Raptors score with online promo

The Toronto Raptors have shown they're pretty good at one-on-one coverage on the basketball court. Now, they're hoping they can show a little one-to-one panache in the marketing arena....

The Toronto Raptors have shown they’re pretty good at one-on-one coverage on the basketball court. Now, they’re hoping they can show a little one-to-one panache in the marketing arena.

In what is the first project of its type for the team, the Toronto Raptors recently teamed up with Toronto-based TD Waterhouse Group for an online promotion that gives fans a chance to win an all-expenses-paid trip to Florida next month to watch Vince Carter and the boys take on the Orlando Magic.

To enter ‘Score with TD Waterhouse’, fans simply have to click on a contest banner that appears at www.raptors.com or TDwaterhouse.ca. Prizes, which are drawn every Thursday morning during the eight-week campaign, also include a pair of season’s tickets, one of 10 Motorola digital phones, free airtime, Raptors merchandise, and Bell Sympatico High-Speed Internet access.

Supported by print and TV, as well as point-of-purchase advertising at all TD Waterhouse branches in greater Toronto, the contest is the first of its kind for the NBA franchise team, which, according to league rules, is restricted to a 75-mile radius for its marketing and advertising activities.

Beth Robertson, director of corporate partnership services for Maple Leaf Sports & Entertainment, the owner of the Raptors and the Toronto Maple Leafs, says the campaign respects that geographic limitation by asking Web site visitors to provide their postal codes. If they reside outside the marketing territory, they’re automatically bumped to a generic site where the promotion isn’t featured.

‘We’ve managed to use a global medium and talk to TD Waterhouse consumers, while still respecting the rule,’ says Robertson. ‘This certainly paves the way for similar efforts in the future.’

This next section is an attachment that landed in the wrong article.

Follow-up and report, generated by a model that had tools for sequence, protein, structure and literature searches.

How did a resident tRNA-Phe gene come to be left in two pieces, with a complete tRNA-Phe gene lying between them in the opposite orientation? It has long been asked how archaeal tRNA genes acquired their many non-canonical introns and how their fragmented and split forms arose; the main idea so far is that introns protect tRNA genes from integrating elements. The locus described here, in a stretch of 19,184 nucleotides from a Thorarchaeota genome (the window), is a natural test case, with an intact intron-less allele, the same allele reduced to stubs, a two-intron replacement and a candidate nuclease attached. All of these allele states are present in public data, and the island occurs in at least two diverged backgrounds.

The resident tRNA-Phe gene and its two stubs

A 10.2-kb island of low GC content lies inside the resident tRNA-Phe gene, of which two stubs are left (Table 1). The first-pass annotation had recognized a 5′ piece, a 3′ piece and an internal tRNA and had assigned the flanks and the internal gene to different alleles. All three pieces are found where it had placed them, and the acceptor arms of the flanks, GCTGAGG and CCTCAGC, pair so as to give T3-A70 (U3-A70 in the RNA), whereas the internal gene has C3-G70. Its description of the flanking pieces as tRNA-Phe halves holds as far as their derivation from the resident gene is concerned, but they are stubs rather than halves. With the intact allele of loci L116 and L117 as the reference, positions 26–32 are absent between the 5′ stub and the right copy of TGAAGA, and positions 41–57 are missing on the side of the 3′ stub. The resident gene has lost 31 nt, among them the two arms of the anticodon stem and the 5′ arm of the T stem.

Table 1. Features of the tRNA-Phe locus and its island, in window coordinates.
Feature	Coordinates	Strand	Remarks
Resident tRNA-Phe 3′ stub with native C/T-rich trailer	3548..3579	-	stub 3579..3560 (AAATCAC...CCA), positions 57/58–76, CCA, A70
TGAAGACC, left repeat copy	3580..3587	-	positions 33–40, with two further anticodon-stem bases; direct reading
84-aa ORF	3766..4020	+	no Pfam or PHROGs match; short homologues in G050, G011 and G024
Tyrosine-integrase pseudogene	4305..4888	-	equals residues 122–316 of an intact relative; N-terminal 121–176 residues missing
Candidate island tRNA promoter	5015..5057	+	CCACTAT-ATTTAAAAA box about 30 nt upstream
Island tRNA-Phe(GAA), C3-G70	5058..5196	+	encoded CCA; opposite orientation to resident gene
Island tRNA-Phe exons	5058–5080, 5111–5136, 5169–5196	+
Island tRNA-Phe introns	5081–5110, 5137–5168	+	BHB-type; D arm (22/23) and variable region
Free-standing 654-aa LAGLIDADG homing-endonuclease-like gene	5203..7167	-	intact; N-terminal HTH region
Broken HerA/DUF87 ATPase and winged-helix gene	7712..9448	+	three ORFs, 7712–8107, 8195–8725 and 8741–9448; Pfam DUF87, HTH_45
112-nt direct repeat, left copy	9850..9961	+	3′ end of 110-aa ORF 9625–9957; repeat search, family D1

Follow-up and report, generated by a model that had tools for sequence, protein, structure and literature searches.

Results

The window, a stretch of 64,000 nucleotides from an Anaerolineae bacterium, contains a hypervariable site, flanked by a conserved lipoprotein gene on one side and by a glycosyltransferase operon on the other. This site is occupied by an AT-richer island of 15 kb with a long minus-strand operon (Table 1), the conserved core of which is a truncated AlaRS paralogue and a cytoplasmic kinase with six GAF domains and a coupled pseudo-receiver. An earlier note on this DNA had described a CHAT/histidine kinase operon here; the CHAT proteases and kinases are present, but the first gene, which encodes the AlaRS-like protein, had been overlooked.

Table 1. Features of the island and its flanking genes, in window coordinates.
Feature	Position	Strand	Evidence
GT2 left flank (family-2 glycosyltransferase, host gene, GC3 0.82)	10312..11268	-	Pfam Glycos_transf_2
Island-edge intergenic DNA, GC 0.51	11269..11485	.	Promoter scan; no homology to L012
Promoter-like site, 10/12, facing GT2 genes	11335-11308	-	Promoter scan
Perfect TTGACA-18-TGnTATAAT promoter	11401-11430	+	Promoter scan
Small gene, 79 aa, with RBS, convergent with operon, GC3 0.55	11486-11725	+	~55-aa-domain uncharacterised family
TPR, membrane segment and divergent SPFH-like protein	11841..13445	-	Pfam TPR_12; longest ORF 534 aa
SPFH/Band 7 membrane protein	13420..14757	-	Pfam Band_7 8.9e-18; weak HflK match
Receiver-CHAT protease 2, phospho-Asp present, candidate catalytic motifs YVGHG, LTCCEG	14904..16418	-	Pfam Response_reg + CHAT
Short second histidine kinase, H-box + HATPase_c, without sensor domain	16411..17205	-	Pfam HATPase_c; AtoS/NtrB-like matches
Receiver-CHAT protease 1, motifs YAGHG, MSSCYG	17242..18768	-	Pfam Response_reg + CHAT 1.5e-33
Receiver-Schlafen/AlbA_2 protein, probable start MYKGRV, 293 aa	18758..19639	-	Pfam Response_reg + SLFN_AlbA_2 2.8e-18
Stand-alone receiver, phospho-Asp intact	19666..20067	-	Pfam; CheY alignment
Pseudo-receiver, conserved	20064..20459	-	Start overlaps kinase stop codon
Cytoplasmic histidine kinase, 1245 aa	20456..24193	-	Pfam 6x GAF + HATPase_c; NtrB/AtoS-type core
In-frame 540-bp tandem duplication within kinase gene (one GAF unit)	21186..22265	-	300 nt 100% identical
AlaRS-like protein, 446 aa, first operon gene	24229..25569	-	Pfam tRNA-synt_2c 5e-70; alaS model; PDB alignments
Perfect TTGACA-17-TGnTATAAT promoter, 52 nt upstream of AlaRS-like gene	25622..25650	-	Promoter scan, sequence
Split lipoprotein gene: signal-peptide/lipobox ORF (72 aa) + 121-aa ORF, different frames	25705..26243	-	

‘Score with TD Waterhouse’ also allows contestants to bolster their chances of winning by referring their friends, which increases traffic to the site, adds Robertson.

This isn’t the first time the Raptors have dabbled in one-to-one online marketing. In January 2000, the franchise launched a consent-driven e-mail marketing program called Raptors Insider, which is currently being revamped, according to Alon Marcovici, director of new media-Internet for the Raptors. ‘We learned a lot, so we’re able to manage it better internally and promote and market to fans with a lot better content,’ he says. (The company also launched an identical effort for the Maple Leafs at www.torontomapleleafs.com, called Leafs Insider, last November.)

Raptors Insider is linked to Raptors.com. When consumers click on its logo, they are asked basic information – first and last name, e-mail address, postal code and birth date. Then they choose topics they’re interested in, such as team news and ticket information. Depending on those choices, registrants are sent regular e-mails that offer such information as a five-day outlook, trivia and game notes.

‘We’re trying to connect with them so they feel relevant to the Raptors,’ says Marcovici, who adds that 11,000 fans have signed up so far.

Along with the Raptors’ Web site, which was redesigned this month, the Raptors Insider will be rejigged with more graphics and tools to ‘target the market a lot better,’ says Marcovici.

‘We will be able to hold fan polls and increase graphic capability. Our biggest challenge is increasing sign-ups and attracting people with different levels of knowledge about basketball, including older folks who have grown up with hockey.’

By summer, Marcovici says the company hopes to have a full-fledged database that will allow the team to better understand and utilize its target demographic information.

Maple Leafs Sports & Entertainment hasn’t promoted Raptors Insider since its debut but now that the e-mail program has been redesigned, the company will boost support by sending information to season ticket holders and marketing it in the Air Canada Centre, as well as in game programs.

Meanwhile, the new-and-improved Web site has been transformed into ‘Raptor World,’ says Marcovici, with more content, half-time show highlights and even a ‘Raptor cam’ where visitors can get a view of the Air Canada Centre during games.